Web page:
Perhaps unfortunately for sport, and for the IAAF's case against Caster Semenya in particular, the "women" in sport's "women's" category evoked for many observers the modern social concept of "gender", not the sex-as- exclusively-biological concept-- the concept upon which the category was originally founded, but which the sport of athletics (track and field) had not been called upon to explain or defend for many years-- years during which the social science (not to mention the actual practice) of gender and the natural science of human biology had combined forces to all but completely discredit. Defenders of Caster Semenya would thus, and with a clear, modern, social and scientific justification, go on to assert her right, based on having lived as a girl/women since birth (in other words, having been "gendered" female), to continue competing in the "women's" category, in spite of her non-sex binary body (and, for some, her non-gender conforming behaviour).

I see the broader conflict that ensued over the meaning and future of women's sport as not merely unfortunate, but as tragic. And the tragedy was not the all too predictable behaviour of alt-right opportunists and others who saw an opening in the Semenya case to assert revanchist conceptions of gender against the prevailing tide of gender and sexual liberation-- THAT battle having been lost before it had even begun. It was the spectacle of defenders of women's sport as a world-historic, revolutionary gain for humanity battling tooth-and-nail against contemporary defenders of gender liberation. Finding no other resources within the antique and insular world of sport and sport culture, defenders of women's sport-- at one time a reliably feminist and pro-liberation constituency-- felt compelled to stand alongside a conservative sport establishment in reasserting that most anti-feminist of pseudo-scientific constructs, and the very one that had so often been deployed to resist women's entry into sport itself: strict biological sex/gender binarism. In response, the voices of a pure gender constructivism seemed prepared to see "women's sport" all but disappear, if necessary, in order to further the ongoing project of gender liberation, of which some viewed Semenya (without her active complicity) as an avatar. Forgotten in all but symbolic form in this conflict was Semenya herself-- a passionate athlete and exemplar of the liberatory potential of both women's sport and the progressive 21s C discourse of gender.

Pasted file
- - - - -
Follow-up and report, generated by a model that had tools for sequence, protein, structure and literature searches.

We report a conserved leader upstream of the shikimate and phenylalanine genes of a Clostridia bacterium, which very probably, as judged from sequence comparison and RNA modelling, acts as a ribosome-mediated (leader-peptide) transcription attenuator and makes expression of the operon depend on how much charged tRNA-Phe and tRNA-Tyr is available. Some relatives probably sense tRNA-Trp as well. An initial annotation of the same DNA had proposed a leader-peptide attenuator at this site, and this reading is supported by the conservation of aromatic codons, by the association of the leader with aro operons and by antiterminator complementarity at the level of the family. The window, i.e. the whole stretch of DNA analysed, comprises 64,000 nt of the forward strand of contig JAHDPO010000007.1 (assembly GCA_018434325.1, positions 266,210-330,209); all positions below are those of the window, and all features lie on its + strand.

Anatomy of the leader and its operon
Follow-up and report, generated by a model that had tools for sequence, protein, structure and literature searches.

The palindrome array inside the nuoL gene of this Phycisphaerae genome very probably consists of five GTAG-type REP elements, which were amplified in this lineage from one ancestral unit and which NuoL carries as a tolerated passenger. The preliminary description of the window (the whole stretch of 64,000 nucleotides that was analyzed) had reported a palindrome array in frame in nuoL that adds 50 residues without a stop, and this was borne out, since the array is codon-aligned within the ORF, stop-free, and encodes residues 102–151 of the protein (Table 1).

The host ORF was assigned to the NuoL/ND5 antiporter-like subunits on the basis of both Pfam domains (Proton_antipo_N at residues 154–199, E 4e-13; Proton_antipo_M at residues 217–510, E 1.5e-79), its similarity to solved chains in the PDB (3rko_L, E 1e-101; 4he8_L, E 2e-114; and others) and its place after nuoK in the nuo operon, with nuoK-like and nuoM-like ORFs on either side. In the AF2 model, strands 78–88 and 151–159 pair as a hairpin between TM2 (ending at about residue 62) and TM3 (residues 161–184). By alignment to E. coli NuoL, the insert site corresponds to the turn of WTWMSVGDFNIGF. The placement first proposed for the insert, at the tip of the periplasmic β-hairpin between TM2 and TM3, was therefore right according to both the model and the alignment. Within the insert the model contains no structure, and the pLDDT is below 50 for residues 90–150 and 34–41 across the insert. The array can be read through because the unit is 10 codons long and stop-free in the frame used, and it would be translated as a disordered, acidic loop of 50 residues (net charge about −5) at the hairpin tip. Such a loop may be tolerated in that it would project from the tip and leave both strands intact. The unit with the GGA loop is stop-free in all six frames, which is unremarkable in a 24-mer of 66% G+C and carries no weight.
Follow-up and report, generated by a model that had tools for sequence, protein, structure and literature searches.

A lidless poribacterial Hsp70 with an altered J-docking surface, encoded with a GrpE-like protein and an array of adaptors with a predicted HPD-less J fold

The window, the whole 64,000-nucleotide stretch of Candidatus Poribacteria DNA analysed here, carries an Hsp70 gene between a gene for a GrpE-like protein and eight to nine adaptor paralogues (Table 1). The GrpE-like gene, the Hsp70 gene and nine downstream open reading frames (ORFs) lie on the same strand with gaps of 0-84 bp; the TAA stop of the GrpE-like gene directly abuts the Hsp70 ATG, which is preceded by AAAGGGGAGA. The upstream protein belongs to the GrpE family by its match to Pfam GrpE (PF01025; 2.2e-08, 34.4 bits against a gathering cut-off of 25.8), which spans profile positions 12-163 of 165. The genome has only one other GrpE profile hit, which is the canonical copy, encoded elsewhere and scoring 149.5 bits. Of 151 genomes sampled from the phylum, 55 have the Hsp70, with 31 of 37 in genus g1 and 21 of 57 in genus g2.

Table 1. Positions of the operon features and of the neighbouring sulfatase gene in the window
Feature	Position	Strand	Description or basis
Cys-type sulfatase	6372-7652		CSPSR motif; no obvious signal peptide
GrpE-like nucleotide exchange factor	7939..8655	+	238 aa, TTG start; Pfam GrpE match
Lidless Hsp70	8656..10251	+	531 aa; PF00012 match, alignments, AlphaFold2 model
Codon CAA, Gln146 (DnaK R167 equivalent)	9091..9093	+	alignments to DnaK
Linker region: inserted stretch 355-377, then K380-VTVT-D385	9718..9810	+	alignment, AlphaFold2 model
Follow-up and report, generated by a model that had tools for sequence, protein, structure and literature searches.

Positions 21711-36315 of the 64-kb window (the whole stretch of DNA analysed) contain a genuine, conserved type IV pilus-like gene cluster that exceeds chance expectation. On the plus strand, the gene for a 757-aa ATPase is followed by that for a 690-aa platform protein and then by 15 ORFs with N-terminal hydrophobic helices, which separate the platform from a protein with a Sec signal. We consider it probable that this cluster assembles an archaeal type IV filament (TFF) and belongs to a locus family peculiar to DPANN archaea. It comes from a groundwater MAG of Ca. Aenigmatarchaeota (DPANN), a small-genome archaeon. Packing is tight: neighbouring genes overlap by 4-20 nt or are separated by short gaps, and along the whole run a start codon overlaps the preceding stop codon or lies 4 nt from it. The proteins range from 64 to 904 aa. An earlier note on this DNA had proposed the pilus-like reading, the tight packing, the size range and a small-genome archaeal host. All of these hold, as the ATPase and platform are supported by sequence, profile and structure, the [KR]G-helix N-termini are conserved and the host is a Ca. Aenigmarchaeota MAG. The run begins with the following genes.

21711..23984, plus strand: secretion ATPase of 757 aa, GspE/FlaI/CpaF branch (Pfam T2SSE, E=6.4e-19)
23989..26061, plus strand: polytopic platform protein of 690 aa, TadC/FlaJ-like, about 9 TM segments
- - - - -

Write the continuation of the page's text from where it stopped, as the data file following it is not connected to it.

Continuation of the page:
The only consolation for the supporter of women's sport and gender liberation is that this tragedy has not reached its denouement(and thus isn't really a tragedy just yet). Moral panic by a conservative (and cynical) sport leadership (and it is not incidental that the head of IAAF, Lord Sebastian Coe, was once a sitting member of the British Conservative Party caucus) bent on removing Caster Semenya from the women's division as quickly as possible (largely, one surmises, to end the ongoing PR disaster of a non-binary woman winning repeatedly at the highest levels of the sport, and in an event-group sold in part based on its hyper-feminine hetero-sex-appeal) created the worse possible environment for deliberation on this looming issue. The result of this official overreaction was a legal ruling so obviously targeted at one athlete (only one event range-- 400m to 1500m-- was targeted for sex binary policing-- that of Caster Semenya, the only athlete, male or female, to do all three of the specified events within it on a regular basis!) that the Court or Arbitration itself was compelled to characterize its decision as "discriminatory". With the inevitable challenging of this ruling-- in the courts of both law and public opinion-- there remains hope for a rapprochement between supporters of women's sport and gender liberation. It will not be easy, but it remains possible to arrive at a way to circumscribe the category of "women" in women's sport that is fair and humane-- in other words, that honours and promotes the radical potential of sport for all. This project may eventually entail the addition of new gender-based categories in the sport of athletics; but, an equitable resolution is not impossible, if animated by a spirit of inclusivity and a belief in the humanizing potential of play. What will be required-- and what perhaps has now already begun-- is a long overdue opening up of sport's culture and institutions to the social and political realities of the new century. Also required, and ardently hoped for by any lover of sport, is an appreciation by the larger world of progressive cultural politics of the still valuable historical legacy of "women's" sport. The job of highlighting this legacy and of encouraging appreciation of it falls to those of us who find ourselves with a foot the worlds of both sport and progressive politics.